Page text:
Lignite

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Lignite bricket

Description

A soft, brownish coal with a wood-like texture. Lignite, or wood coal, falls between peat and bituminous coal in density and carbon content. Lignite deposits occur in the United States, Germany and the Netherlands. It contains up to 40% water and must be dried prior to use. Lignite is used to produce some brown colorants, such as sap brown dye and Vandyke brown. Montan wax can be extracted from some lignites. Lignite is used to produce some petroleum-type products such as polyesters and polyamides. Also a process has been developed to reduce lignite to methanol for fuel. Jet is a very dense form of lignite.

Synonyms and Related Terms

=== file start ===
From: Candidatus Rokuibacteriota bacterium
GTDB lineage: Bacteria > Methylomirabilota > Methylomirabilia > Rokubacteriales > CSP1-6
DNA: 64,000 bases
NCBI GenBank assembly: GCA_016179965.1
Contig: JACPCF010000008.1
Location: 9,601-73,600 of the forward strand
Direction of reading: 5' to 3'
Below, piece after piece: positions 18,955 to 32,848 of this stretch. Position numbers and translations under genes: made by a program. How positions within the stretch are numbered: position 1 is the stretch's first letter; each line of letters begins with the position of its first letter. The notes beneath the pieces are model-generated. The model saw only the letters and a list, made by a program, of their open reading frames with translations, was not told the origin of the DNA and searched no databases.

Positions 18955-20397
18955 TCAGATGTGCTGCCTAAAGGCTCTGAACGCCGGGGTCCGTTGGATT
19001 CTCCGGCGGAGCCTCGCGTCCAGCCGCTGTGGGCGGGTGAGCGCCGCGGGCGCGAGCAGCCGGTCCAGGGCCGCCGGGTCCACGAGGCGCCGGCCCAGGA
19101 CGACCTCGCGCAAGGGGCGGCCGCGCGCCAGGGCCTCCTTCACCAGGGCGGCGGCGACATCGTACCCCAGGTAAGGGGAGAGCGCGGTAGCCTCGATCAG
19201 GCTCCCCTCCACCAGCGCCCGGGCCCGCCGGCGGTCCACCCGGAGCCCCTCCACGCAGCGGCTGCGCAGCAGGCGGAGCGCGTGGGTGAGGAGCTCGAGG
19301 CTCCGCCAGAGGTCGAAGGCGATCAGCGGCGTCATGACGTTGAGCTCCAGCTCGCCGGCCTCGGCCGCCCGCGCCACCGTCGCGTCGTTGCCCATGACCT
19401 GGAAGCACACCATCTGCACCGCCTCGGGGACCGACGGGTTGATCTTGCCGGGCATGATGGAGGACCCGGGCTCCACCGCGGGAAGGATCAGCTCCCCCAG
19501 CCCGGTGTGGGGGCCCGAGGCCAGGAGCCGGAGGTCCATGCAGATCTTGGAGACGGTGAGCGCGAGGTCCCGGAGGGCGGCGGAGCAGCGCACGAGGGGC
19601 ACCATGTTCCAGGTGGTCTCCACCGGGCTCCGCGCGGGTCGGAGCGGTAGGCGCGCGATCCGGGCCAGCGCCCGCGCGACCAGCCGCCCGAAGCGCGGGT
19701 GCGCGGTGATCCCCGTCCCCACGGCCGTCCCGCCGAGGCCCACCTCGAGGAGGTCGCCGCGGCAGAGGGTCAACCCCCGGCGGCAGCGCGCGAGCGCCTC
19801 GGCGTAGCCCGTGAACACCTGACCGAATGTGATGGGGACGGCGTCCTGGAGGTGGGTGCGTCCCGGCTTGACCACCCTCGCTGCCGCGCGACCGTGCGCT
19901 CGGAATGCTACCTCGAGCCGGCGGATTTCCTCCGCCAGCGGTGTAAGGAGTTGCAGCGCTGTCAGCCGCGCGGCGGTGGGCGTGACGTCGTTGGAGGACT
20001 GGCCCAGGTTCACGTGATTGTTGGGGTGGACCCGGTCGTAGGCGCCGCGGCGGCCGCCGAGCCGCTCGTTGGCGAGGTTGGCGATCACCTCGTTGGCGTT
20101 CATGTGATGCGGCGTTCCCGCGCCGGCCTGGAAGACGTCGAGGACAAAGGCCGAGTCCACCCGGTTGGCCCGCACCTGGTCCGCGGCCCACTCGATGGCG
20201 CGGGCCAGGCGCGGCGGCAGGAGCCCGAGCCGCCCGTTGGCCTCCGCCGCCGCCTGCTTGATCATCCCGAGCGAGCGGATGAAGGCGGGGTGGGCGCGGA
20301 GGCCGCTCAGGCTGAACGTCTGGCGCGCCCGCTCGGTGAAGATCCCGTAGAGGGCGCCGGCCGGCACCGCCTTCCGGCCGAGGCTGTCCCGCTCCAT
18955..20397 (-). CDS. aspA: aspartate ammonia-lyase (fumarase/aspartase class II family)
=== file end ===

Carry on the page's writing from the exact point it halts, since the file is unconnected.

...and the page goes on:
Braunkohle (Deut.); lignite (Fr., It.); wêgiel brunatny (Pol.); lignito (Esp.); lenhite (Port.); brown coal; wood coal; Vandyke brown; Cologne earth

Sources Checked for Data in Record

  • G.S.Brady, Materials Handbook, McGraw-Hill Book Co., New York, 1971 Comment: p. 451
  • Richard S. Lewis, Hawley's Condensed Chemical Dictionary, Van Nostrand Reinhold, New York, 10th ed., 1993
  • Jack Odgen, Jewellery of the Ancient World, Rizzoli International Publications Inc., New York City, 1982
  • R.F.Symmes, T.T.Harding, Paul Taylor, Rocks, Fossils and Gems, DK Publishing, Inc., New York City, 1997
  • Random House, Webster's Encyclopedic Unabridged Dictionary of the English Language, Grammercy Book, New York, 1997
  • The American Heritage Dictionary or Encarta, via Microsoft Bookshelf 98, Microsoft Corp., 1998